What would happen if we attempted to use the NATURAL JOIN clause in a statement with two tables that did not have a common column? We see the results of such an attempt in the following example:
From the results, we see that a Cartesian product is formed. Oracle searches for a common column and, finding none, proceeds to join the two tables the only way it can—using a Cartesian, or Cross join. While it is true that Oracle's natural join syntax is less strict, this can lead to unforeseen problems unless proper care is taken to ensure that the natural join is constructed in such a way as to utilize a common column.
One of the benefits of using the Oracle join syntax is that it frees up the use of a WHERE clause. Since the syntax does not require the WHERE clause to establish equivalence between common columns, as in the case of the ANSI syntax, our statements can use the WHERE clause to its more common use—restricting row output. An example of this, that also includes a sort, is shown in the following screenshot. It retrieves the name of each division and its associated branch, but limits the output to only rows that have a division_id less than 5. The output is then sorted alphabetically based on division_name.
(For more resources on Oracle, see here.)
Joining on explicit columns with JOIN USING
One of the criticisms of Oracle's NATURAL JOIN syntax stems from its ambiguity: a NATURAL JOIN allows columns to be joined without any specification as to what column will be used. While this allows for a more "natural" syntax, the ambiguity leads to the production of SQL code that lacks the specificity required in some coding standards. In short, if the column being joined is not explicitly stated, the code can be more difficult to interpret, often leading to a greater number of human errors. To combat this problem, the Oracle join syntax also includes the ability to perform a table join using a column that is explicitly defined. An example of this is shown as follows:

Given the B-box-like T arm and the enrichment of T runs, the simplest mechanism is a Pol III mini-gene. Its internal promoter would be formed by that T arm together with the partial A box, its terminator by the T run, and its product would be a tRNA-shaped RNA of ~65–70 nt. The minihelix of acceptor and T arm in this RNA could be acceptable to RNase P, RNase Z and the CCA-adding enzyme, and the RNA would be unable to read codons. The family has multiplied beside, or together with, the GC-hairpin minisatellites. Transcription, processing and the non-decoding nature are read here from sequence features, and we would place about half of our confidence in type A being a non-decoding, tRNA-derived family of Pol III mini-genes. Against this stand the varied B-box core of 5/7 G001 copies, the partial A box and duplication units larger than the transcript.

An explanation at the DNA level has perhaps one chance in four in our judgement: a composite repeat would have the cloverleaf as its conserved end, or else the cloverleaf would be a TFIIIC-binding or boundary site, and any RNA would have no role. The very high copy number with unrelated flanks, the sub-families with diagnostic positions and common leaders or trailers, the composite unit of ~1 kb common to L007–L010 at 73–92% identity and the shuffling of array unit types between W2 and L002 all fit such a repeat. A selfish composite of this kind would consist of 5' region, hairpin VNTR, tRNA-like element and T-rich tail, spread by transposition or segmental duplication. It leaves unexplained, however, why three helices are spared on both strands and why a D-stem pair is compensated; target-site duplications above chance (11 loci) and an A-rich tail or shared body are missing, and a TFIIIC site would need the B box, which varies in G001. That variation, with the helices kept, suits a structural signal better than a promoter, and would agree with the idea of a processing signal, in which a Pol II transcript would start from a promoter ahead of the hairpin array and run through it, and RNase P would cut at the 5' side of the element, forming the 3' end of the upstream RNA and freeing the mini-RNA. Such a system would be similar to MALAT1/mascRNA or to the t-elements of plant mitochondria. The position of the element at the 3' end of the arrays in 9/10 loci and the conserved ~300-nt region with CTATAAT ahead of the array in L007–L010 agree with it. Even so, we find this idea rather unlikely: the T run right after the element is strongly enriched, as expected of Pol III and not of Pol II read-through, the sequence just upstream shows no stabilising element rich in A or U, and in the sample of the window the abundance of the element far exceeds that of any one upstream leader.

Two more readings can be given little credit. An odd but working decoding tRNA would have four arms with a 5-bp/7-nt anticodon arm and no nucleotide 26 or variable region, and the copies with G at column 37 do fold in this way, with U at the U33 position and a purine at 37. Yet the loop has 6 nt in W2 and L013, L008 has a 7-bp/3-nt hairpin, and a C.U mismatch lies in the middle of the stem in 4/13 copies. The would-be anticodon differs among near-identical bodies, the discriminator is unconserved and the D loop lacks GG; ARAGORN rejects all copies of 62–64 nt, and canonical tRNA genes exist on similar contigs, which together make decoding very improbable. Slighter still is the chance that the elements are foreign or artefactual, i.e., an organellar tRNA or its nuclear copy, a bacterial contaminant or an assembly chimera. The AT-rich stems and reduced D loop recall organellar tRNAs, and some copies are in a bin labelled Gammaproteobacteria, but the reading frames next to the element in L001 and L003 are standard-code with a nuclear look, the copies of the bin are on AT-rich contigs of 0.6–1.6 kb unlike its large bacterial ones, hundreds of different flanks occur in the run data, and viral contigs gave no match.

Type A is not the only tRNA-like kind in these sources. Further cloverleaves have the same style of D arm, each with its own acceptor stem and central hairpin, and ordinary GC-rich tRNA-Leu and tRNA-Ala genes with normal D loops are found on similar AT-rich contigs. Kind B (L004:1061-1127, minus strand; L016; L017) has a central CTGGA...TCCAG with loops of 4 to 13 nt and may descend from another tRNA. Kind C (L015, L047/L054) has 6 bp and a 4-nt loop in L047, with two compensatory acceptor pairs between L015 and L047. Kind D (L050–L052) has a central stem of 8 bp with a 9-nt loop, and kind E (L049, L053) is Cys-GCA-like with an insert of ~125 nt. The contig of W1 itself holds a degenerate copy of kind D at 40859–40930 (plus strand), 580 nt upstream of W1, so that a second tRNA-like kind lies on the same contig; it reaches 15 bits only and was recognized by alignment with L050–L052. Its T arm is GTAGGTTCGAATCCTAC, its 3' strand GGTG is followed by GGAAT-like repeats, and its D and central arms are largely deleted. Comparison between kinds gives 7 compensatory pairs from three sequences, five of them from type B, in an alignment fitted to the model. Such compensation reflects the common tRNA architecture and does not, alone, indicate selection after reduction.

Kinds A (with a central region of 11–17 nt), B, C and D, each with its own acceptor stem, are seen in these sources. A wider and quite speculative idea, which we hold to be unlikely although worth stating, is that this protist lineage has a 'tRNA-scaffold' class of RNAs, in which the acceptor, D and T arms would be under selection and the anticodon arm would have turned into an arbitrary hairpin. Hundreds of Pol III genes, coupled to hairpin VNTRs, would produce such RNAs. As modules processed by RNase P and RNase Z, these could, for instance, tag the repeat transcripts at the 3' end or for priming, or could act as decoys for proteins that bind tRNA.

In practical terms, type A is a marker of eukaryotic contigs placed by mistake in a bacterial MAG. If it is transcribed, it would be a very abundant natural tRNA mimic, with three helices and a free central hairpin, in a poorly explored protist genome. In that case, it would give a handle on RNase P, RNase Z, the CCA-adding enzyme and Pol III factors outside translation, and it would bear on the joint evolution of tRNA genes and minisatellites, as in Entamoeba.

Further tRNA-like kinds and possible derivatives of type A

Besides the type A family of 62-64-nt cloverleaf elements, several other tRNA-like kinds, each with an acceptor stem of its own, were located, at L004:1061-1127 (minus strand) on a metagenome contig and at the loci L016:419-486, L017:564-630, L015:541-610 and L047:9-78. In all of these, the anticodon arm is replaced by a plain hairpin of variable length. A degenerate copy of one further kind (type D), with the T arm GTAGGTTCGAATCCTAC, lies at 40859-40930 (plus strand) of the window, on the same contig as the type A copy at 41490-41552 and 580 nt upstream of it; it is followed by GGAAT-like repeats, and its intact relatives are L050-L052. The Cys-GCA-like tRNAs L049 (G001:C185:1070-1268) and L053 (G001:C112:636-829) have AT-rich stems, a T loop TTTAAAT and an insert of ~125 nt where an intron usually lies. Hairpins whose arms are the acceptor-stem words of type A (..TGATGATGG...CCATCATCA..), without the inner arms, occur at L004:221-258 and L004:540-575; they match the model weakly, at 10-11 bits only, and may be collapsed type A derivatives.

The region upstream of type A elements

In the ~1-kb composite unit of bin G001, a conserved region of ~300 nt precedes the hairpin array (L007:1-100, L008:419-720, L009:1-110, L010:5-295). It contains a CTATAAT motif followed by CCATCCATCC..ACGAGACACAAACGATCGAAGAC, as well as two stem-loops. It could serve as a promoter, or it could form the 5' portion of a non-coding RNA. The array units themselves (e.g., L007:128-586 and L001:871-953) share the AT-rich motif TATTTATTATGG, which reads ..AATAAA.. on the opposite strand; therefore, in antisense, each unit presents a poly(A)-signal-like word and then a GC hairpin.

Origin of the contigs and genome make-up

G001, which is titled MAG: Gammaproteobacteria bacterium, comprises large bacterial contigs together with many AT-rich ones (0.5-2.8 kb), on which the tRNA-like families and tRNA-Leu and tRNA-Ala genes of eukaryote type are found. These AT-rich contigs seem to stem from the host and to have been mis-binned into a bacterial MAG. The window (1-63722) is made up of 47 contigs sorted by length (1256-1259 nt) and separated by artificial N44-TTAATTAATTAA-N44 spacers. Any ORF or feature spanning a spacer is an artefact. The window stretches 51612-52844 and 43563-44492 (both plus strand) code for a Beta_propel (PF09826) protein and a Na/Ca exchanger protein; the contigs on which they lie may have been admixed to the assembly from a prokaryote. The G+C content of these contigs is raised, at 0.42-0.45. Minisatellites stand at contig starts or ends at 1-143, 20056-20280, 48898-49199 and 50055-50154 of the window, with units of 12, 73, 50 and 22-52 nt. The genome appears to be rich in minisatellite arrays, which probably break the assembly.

Although it differs somewhat from the NATURAL JOIN syntax, JOIN USING is similarly straightforward. The FROM clause specifies the tables to be joined, in our example employee and message, separated by a JOIN clause. It is then followed by the USING clause that specifies, in parentheses, the common column to use for the join. Thus, in this statement, we join the employee and message tables using the employee_id column.
Consider this example of a real-world requirement from our Companylink database: Display all the URLs for websites and blogs in the Companylink system, along with the website description; however, do not display Gary Moore's site (gmoore), and sort the results by their website URL. To begin, we examine the website and blog tables and find that they share a common column—blog_id. This ties the blog table to the website table, since any of the blogs on Companylink must first have a website associated with them. Next, we can exclude Gary Moore's site by adding a WHERE clause to restrict output. Finally, we use an ORDER BY to sort the output.
Our resulting statement is shown in the following example:
We are using the not like operator to reject any rows that contain the string 'gmoore', or Gary Moore. Again, using the Oracle join syntax allows us to use the WHERE clause for row restriction, instead of setting common columns equal. Although both syntaxes will work, Oracle's syntax could be considered cleaner since it separates the functionalities of the join and the row restriction into different clauses.
Constructing fully-specified joins using JOIN ON
Our final type of join, using the Oracle syntax, removes all of the ambiguity that characterizes the two previous types. Statements that utilize the JOIN ON clause are very close syntactically to ANSI joins. The main difference, again, is that the JOIN ON clause, like the previous joins that use the Oracle syntax, do not require a WHERE clause in order to perform the join. An example of using JOIN ON is shown in the following screenshot: